A Lao wedding, or kiin dong, is a celebration that involves the entire village or community. The festivities usually begin one or two nights before the wedding day itself with an informal gathering at the bride's family's home as they begin their preparations. Elders create the ritual pieces to be used in the suu khwan -- the formal wedding ceremony. Others prep and cook traditional Lao food for the wedding reception. Even with so many tasks to complete, the atmosphere is relaxed and festive, with plenty of food and drinks, and with people generally being sabay -- Lao for "happy."
The wedding day itself begins early in the morning, as family members continue to prepare food for the luncheon reception. The bride, or naang saow, begins her preparations earlier than the groom, or chao bao, since her costume is much more intricate. She wears a traditional Laotian wedding outfit consisting of sinh, a Laotian silk shirt, and paa bien, a scarf, both made from raw silk, and decorates her hair in a traditional bun with ornate gold jewelry. The style of the wedding outfit and hair will vary depending on the family's wealth and the region of Laos they are from.
The wedding ceremony, or suu khwan, is held in the late morning. The guests, mainly family and close friends, gather at the bride's family's home. The ceremony commences when the groom, along with his family and friends, leads a procession from his family's home through the village to the bride's home. Upon arrival, the groom's entourage must convince the bride's family of his worth before he can enter the house and wed his bride. Playful banter between respected elders from the groom's and bride's sides ensue, marked by light-hearted jeers and teasing.
The suu khwan takes place with the bride, groom and guests seated on the floor around two paa khwan -- arrangements made up of flowers and white strings to be blessed during the ceremony. The ceremony is officiated by a mo phone, or lay community elder, who offers chants and blessings to unify the couple, family and community, and to call back all the individual khwan, or spirits, in order to make the person complete. The ceremony continues with more blessings for the bride and groom, as the guests tie the white strings to the bride's and groom's wrists. The mat khene, or string-tying, provides an opportunity to share a personal message and blessing with the bride and groom. The ceremony is followed by the lunch reception.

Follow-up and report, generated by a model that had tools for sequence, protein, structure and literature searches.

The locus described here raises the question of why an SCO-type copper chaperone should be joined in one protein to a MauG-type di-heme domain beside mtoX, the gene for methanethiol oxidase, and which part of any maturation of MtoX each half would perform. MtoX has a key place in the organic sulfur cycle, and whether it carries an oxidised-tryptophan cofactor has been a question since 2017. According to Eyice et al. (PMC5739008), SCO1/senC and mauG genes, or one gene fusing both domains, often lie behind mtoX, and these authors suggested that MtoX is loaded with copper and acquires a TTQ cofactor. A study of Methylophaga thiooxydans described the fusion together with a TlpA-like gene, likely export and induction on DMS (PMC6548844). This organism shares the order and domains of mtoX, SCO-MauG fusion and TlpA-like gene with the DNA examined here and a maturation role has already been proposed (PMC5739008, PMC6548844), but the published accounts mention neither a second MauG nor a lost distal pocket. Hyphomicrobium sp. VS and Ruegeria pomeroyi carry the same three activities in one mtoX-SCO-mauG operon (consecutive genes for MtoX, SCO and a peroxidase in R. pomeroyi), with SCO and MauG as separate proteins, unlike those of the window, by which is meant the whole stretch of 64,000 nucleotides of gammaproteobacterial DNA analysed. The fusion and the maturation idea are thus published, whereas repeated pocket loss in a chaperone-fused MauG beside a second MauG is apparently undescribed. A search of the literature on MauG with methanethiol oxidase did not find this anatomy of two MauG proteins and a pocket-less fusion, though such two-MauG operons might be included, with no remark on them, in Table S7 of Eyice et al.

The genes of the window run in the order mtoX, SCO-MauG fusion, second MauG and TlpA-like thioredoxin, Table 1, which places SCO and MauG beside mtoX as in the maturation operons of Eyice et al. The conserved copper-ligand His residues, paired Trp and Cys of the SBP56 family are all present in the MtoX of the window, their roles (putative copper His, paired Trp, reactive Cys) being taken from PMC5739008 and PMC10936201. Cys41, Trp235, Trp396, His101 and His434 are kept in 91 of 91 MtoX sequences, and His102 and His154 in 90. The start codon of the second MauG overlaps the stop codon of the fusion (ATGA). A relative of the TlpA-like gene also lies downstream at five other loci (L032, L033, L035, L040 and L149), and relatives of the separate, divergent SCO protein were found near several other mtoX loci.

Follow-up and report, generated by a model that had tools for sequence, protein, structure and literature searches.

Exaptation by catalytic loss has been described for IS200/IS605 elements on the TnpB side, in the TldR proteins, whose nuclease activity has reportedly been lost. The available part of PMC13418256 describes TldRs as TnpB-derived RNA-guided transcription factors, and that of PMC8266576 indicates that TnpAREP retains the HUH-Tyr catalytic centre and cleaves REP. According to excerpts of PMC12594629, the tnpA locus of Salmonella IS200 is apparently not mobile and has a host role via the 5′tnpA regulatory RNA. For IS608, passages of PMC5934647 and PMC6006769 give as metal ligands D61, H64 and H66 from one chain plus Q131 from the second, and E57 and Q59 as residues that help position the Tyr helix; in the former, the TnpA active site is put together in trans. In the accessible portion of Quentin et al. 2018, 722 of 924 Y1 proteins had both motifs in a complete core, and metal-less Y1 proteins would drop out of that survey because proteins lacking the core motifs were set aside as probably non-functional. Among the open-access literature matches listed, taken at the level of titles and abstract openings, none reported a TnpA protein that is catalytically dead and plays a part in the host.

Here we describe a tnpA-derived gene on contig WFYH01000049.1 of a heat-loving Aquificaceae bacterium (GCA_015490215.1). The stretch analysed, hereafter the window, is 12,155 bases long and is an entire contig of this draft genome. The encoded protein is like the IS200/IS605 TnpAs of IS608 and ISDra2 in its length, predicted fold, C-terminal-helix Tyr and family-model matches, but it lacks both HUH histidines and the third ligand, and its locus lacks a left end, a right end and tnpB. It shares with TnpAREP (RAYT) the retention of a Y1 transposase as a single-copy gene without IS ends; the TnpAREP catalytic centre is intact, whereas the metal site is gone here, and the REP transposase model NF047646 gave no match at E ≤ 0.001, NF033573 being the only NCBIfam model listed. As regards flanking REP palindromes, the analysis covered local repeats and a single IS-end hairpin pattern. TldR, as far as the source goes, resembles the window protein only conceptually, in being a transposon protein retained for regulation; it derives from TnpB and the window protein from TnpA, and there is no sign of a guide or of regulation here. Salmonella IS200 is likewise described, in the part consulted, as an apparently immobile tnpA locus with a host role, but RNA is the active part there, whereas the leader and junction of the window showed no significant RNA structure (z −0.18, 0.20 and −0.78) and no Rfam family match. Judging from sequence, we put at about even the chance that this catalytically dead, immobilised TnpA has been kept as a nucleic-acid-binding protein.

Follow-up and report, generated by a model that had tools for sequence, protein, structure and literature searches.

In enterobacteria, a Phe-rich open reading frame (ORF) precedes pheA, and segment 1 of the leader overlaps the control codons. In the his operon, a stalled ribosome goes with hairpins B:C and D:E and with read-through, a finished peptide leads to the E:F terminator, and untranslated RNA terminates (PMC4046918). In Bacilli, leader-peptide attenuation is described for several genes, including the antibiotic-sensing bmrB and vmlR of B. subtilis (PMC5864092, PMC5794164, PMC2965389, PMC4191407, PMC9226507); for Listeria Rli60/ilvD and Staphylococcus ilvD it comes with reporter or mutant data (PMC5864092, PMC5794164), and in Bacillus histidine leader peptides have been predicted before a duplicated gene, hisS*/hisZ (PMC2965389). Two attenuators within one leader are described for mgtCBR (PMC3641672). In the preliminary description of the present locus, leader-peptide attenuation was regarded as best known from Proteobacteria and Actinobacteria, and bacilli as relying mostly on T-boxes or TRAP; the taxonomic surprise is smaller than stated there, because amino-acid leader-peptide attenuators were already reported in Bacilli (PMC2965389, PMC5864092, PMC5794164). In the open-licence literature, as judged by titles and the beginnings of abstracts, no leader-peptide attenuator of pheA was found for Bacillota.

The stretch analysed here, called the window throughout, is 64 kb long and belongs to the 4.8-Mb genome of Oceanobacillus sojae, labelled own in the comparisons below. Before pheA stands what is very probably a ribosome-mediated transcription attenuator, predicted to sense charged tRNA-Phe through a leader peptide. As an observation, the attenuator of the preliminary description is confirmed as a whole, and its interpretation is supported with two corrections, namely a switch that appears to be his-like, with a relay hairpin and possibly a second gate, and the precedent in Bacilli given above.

The wedding day ends with an evening reception, which is often held at a hall or hotel. In the United States, it is common to have 400 or 500 guests at a Lao wedding reception, which includes live traditional Lao music, dancing, speeches and, of course, more delicious Lao food.
Related Books and Articles:
» Hesser, Amanda. "To Eat in Laos." New York Times. July 13, 2005.
» Xayavong, Daovone. Taste of Laos: Lao/Thai Recipes from Dara Restaurant. Berkeley, CA: SLG Books, 2000.
» Sing, Phia. Traditional Recipes of Laos. Alan Davidson and Jennifer Davidson, eds. London: Prospect Books, 1981.
This essay was researched and written by Channapha Khamvongsa, the executive director of Legacies of War, an organization dedicated to resolving the problem of unexploded cluster bombs in Laos, providing space for healing the wounds of war and creating greater hope for a future of peace. Legacies of War uses art, culture, education and community organizing to bring people together and create healing and transformation out of the wreckage of war. Previously, Channapha worked at the Ford Foundation and Public Interest Projects, focusing on immigrant and refugee rights, global civil society, civic engagement, capacity building and transformational leadership. She was born in Vientiane, Laos and has lived in the U.S. for more than 30 years. She received her master's degree in public policy from Georgetown University.